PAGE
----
Sorry – I digress… the story I wanted to share with you is a more commonly known one, it’s a story about Winnie the Pooh.

Let me set the scene for you here… It was a Friday, one of those rare Friday’s where there were no students in the museum school. I dutifully carried myself into work anyways, because there were emails to send and files to work on. But halfway through the morning I was finding it hard to concentrate. When this happens I do one of two things, I take 15 minutes and either go for a walk around the collections and sketch, or I head up to the classroom and read.

I decided to try out one of our Cando seats (note point 4 in the description) which proved to be an awful choice, I have no idea how students can stand those things. The book I picked was an odd one for me. I’ve never really liked the Winnie the Pooh stories (Sorry! I know, to some that’s sacrilege), but I love bears. No I love bears. Ask the authors of local books on bears who mostly all have restraining orders against me (just kidding. But my partner does say that my correspondence with them comes off as a tad bit overzealous).  And the bear on the cover of this Winnie book was just too cute.

 finding winnie

Harry Colebourn’s (the soldier who first befriended the bear) great-grand-daughter writes the book, so the look and feel of the story is a fairly big departure from Disney’s franchise about this bear.

I’m sure most Canadians know the story, and for those that don’t I won’t spoil it here (you can just google that)… but there’s one part in particular that I love. After Winnie is left at the London Zoo, there’s this page…

image1

 “Is that the end?”

“That’s the end of Harry and Winnie’s story,” I said.

“But I don’t want it to be over,” said Cole.

“Sometimes,” I said, “you have to let one story end so the next one can begin.”

“How do you know when that will happen?”

“You don’t,” I said. “Which is why you should always carry on.”

Now – I am a bit of a crybaby (once a day whether I need it or not), but that really had me sobbing. I’m crying again now actually.

It’s just such a beautiful thing to put into a children’s book. It’s real.

Don’t get me wrong, there’s a lot of other parts of the book that a less “real” … picture books can be a fairly unrealistic medium – and that’s great! I love the little pictures of the bear curled up under the army cot, and riding on the bow of the ship al la this titanic moment. There’s some other perhaps more problematic un-realness though; the story of Winnie has become a myth in Canadian culture, and seeing the real pictures at the end of the book of a small bear in big chains doesn’t exactly fit the story we like to tell ourselves about the lives of animals in the past (speaking of which… here’s a tragic one for you - I sort of rabbit holed into that one & thought I’d share).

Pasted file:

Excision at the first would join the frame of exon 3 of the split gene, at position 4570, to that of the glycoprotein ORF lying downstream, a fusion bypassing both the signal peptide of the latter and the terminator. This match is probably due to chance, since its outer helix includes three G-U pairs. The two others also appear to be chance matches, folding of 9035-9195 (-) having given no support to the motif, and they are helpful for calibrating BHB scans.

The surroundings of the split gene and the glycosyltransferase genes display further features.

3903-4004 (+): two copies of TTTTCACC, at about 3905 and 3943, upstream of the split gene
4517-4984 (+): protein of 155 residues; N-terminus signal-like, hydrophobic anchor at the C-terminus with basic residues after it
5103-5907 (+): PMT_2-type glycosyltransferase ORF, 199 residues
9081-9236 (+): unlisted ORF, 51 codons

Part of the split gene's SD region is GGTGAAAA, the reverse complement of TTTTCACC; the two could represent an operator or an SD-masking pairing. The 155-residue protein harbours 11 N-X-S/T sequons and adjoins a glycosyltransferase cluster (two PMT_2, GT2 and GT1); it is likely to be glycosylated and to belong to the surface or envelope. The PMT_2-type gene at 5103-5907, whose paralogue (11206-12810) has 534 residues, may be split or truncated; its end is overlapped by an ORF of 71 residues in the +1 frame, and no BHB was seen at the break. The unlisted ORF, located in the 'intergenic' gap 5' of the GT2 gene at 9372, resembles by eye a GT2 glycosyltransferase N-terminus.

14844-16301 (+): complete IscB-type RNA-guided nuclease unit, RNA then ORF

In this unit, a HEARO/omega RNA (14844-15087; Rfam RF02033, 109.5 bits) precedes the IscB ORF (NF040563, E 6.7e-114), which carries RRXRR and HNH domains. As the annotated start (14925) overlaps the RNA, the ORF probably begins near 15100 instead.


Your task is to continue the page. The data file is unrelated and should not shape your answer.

The topics of historic animal human relationships, zoo ethics, myth making, and the flattening of history are important. They are stories that need to be told. Maybe books like this help us lay the foundations to explain these things to our children as they get older and have the framework to better understand them. But for students this age… I think this one simple truth is a valuable one.

It is important to carry on, because you never know what adventures might await.

 

 

 

As long as you’re human. The bear doesn’t fare well in this story – so that certainly says something about privilege and priority… there’s some class metaphor in there as well probably… again… important lessons for the teenage years.

Anyways! It’s a good page, in a complex story, and possibly offers a moment in which both I as the instructor, and your kiddos as students, can learn and reflect together, ultimately as humans.

(not bears).